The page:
Wisdom teeth are the last set of teeth to erupt within the mouth. When they are naturally aligned and the gum tissue is healthy, wisdom teeth do not have to be removed. Unfortunately, this is not generally the case. Dentists and oral surgeons decide to remove wisdom teeth for many reasons, mostly due to the risk of impacted molars that can cause a variety of problems.
The Importance of Wisdom Tooth Removal
People typically have twenty-eight adult teeth, but every person is unique. Some people can have from one to four wisdom teeth, while others have none at all. If your wisdom teeth are correctly positioned in your mouth and do not cause any pain or potential dental problems, there may be no reason to have them removed whatsoever.
Even if a wisdom tooth is not a source of pain, that does not necessarily mean that there is nothing wrong. Wisdom teeth can grow one of two ways; some will grow in an upright manner like regular teeth and some can form sideways and become impacted. The term impacted means the tooth will not break through your jaw and into your mouth. Impacted wisdom teeth are blocked from growing properly and can remain below the surface of your gum line. Impacted teeth can take many positions in the bone as they attempt to find a pathway that will allow them to successfully erupt. If formed improperly, this extra set of molars can push your other teeth around, causing mouth pain and additional jaw problems. The pressure from the erupting teeth may shift other rows and disrupt the natural alignment of your smile. This impaction may be caused by a couple of reasons. When these teeth grow in, sometimes they take up too much space in the mouth. Since the mouth has limited space to work with, issues such as overcrowding or wisdom teeth growing on an angle towards other teeth may occur.
When wisdom teeth have partially erupted, the opening around the teeth allows plaque and bacteria to accumulate. This hotbed for bacteria may cause inflammation, hardened gums, and eventually infection. Due to swelling, stiffness, pain, and associated illness, cleaning around this area may be difficult. This can cause cavities and pockets between teeth that could lead to a much larger infection like gum disease. This is called pericoronitis, an inflammation of the soft tissues surrounding the crown of a partially erupted tooth, including the gums and the dental follicle. Pericoronitis can be managed with antibiotics and warm salt water rinses. With this care, the condition should go away in approximately one week.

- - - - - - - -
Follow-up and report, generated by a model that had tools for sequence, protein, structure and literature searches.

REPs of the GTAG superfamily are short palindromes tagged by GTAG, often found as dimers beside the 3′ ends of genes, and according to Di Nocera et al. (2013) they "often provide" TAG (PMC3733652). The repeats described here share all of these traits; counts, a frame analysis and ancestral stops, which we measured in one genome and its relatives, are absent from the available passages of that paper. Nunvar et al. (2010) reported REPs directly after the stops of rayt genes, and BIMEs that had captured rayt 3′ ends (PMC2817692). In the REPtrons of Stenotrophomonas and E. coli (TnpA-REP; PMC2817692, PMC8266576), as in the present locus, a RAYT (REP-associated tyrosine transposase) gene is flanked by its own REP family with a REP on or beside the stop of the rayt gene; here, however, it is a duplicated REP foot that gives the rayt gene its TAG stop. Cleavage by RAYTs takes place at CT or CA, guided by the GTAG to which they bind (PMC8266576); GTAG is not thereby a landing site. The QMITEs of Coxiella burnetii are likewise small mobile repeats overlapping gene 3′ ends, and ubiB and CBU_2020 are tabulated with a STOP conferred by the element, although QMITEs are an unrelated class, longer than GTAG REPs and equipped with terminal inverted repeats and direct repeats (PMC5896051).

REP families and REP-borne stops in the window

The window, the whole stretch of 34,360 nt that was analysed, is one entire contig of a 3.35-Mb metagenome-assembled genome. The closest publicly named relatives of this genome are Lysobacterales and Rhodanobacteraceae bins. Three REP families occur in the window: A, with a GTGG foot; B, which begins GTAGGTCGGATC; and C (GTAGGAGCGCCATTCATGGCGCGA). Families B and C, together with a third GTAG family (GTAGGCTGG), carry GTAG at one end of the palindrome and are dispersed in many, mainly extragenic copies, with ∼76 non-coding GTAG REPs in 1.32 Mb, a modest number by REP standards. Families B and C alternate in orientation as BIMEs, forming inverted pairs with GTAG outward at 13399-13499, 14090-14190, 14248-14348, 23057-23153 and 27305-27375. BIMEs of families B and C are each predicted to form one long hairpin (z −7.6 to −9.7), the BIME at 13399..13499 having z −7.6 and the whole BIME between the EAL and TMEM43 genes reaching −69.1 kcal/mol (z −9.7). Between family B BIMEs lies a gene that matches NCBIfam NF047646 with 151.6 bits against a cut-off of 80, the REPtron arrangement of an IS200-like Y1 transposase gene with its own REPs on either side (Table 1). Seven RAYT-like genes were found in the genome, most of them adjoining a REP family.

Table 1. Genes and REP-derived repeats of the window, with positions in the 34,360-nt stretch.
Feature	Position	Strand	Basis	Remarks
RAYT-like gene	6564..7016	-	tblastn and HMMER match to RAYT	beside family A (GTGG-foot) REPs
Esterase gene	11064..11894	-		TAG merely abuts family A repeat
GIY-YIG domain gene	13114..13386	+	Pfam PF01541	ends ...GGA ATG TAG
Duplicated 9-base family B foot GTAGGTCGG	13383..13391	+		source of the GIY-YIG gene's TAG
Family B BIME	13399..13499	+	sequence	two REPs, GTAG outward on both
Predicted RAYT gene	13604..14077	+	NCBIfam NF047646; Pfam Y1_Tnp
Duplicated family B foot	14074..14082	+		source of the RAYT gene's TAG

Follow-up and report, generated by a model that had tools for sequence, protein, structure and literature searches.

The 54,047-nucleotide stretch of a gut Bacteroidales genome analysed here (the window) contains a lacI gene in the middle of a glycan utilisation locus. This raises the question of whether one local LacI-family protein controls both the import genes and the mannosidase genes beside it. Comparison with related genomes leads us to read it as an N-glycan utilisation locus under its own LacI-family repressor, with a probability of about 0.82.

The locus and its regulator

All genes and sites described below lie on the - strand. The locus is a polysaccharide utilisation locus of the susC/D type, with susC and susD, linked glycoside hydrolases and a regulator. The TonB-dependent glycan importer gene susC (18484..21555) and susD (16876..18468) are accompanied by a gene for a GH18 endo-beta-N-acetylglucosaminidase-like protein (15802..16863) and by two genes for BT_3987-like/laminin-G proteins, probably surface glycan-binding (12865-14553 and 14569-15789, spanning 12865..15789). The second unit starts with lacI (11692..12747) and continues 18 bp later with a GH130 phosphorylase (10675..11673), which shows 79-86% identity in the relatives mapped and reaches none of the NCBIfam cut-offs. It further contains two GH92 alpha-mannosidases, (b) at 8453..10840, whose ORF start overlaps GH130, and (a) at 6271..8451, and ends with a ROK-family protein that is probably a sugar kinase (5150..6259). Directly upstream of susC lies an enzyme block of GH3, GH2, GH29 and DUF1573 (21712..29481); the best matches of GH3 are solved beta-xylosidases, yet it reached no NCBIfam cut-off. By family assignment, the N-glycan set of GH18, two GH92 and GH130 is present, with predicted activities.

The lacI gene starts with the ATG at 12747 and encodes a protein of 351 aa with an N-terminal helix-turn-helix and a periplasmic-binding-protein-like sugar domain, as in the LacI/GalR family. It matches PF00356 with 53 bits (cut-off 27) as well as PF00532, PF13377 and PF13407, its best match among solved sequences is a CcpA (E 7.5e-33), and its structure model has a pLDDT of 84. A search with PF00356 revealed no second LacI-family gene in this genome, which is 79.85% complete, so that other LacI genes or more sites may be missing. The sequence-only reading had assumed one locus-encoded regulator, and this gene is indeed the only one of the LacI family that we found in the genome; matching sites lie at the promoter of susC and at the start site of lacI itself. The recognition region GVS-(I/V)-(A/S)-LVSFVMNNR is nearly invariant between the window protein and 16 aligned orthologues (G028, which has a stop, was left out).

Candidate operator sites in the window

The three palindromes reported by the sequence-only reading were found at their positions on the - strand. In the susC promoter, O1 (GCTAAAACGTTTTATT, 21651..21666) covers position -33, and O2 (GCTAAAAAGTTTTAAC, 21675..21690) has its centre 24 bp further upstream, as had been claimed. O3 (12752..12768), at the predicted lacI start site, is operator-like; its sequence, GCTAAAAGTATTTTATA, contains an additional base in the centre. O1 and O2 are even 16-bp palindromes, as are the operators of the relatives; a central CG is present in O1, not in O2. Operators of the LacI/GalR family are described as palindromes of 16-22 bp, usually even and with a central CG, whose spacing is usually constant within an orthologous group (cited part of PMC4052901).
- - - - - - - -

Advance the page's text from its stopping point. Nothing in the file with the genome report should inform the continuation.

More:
One of the most serious problems related to wisdom teeth is when a tumor or cyst forms around the impacted tooth. Cysts are fluid-filled sacs that can form next to the teeth, affecting bones, roots, nerves, and surrounding structures. This results in the destruction of the jawbone and other healthy teeth. If a cyst becomes too severe, it can turn into a tumor and require additional surgery. Early removal is recommended to avoid such future problems and to decrease the surgical risk involved with the procedure. Removal of the problematic teeth usually resolves these complications.
Although there is no correct age for wisdom tooth removal, some dentists recommend removing wisdom teeth if they don’t fully emerge. As you age, the bones in your mouth get harder, making your teeth more difficult to remove. Some doctors believe it is better to remove wisdom teeth at a younger age before the roots and bone are fully formed – so recovery is generally faster after surgery. This is why some young adults have their wisdom teeth pulled before the teeth cause problems. However, if you’re in your 40s with all of your wisdom teeth and they cause no oral health complications, taking them out is not necessary. Before making any recommendations, your dentist will examine your mouth and take some x-rays to look at the shape of your mouth. This tactic will analyze the position of your teeth in consideration with your age to male plans for moving forward. Another common option is removing healthy molars to prevent problems later on.
Wisdom Teeth Removal Near You
Wisdom teeth do not have a preset clock for when they will emerge. Although they tend to develop around the start of young adulthood, impacted teeth can cause problems in adults as well. If there is evidence of troubling changes in the mouth, your wisdom teeth may need to be removed. For more information about wisdom teeth or any other dental procedure provided by St. Luke’s OMS, feel free to contact us and set up a consultation at one of our four convenient locations.